Credit Supply and the Macroeconomy: An Empirical Analysis of Capital Regulation, Bank Lending, and Firm Behavior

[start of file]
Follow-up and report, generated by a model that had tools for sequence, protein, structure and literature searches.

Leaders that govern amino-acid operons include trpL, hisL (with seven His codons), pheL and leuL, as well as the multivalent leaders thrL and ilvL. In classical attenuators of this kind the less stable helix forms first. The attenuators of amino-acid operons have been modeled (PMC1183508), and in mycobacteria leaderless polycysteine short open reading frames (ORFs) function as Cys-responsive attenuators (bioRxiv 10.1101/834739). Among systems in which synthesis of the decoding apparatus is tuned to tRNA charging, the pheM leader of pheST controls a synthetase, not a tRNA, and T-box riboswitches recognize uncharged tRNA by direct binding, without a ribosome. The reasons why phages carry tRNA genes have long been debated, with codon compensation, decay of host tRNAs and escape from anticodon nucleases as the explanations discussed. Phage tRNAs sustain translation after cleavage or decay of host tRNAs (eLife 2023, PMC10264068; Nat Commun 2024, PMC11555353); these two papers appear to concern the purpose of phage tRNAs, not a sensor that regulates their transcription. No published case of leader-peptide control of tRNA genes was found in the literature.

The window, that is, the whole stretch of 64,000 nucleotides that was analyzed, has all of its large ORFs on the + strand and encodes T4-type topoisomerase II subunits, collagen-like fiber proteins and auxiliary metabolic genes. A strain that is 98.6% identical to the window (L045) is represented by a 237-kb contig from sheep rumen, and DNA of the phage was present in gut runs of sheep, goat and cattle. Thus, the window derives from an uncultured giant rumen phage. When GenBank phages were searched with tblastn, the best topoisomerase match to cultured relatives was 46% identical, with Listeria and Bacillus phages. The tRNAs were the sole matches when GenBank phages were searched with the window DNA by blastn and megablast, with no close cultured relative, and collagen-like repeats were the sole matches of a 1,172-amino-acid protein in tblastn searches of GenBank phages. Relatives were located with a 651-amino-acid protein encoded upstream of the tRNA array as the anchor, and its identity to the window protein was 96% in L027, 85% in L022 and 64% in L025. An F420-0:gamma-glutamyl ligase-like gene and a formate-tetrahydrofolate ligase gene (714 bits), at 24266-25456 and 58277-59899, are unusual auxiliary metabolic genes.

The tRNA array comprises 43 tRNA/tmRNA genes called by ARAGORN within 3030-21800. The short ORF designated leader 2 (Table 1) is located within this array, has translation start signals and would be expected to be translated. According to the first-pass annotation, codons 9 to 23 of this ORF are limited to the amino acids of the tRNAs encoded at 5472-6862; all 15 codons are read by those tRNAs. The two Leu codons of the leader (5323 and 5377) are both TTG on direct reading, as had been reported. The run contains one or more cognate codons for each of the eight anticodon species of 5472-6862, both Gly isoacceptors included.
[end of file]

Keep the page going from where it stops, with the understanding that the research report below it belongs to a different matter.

The policy response to the recent financial crisis has broadly focused on two themes: 1) Increasing the banking sectors’ resilience to future financial shocks: 2) Improving credit availability to households and firms via lowering both short and long-term interest rates and thereby affecting short-term output and inflation. This dissertation studies how banks and firms have responded to these policy measures. The dissertation comprises of three chapters. The first two analyze the impact of capital regulation on bank lending for two different jurisdictions - United States and Switzerland. The third evaluates the response of U.S. non-financial firms to lower interest rates. The first chapter is joint work with Luisa Lambertini. We estimate the impact of bank capital regulation on lending spreads. We use U.S. firm-level data on syndicated loans matched with Bank Holding Company (BHC) data for the lending banks in our panel regressions. We find that higher bank capital leads to an increase in the loan pricing. Further, we investigate if stress test failure under the Supervisory Capital Assessment Program and Comprehensive Capital Analysis and Review leads to higher loan spreads, since financial institutions that failed were required to raise capital in the short run. Using a difference-in-difference framework, we find: 1) BHCs that failed the stress tests increased their loan pricing; 2) Loan pricing is higher for all banks after the commencement of the stress tests. These findings suggest that greater regulatory oversight and higher capital requirements have made syndicated loans more costly for firms. The second chapter is joint work with Luisa Lambertini, Dan Wunderli and Robert Bichsel. We use confidential loan-by-loan data of Swiss banks to study the impact of higher capital requirements on lending. Our data allows us to trace the link between bank capital and new credit granted at the bank level. Additionally bank-specific variation of capital targets allows us to analyze how deviation from the regulatory capital target impacts loan pricing and volume. We find that tighter capital regulation has small but statistically significant short-term effects on loan pricing and growth. We do not find a permanent effect of higher capital ratios on loan growth. In the third chapter, I study the behavior of U.S. non-financial corporates after the recent financial crisis. I document an increase in the real debt holdings and correspondingly the book leverage for these firms. Controlling for firm and time fixed-effects, I find a higher long-term debt to asset ratio to be associated with lower capital expenditures and growth in fixed capital post-crisis. This is also true for financially unconstrained firms, as determined by the Whited-Wu index, vis-a-vis pre-crisis. Moreover, firms with a higher share of long-term debt after the crisis appear to have a greater likelihood of repurchasing shares and larger dollar payouts to equity holders. The evidence points to the fact that any increase in long-term debt has had an impact on firms' capital structure but no positive effect on real investment.

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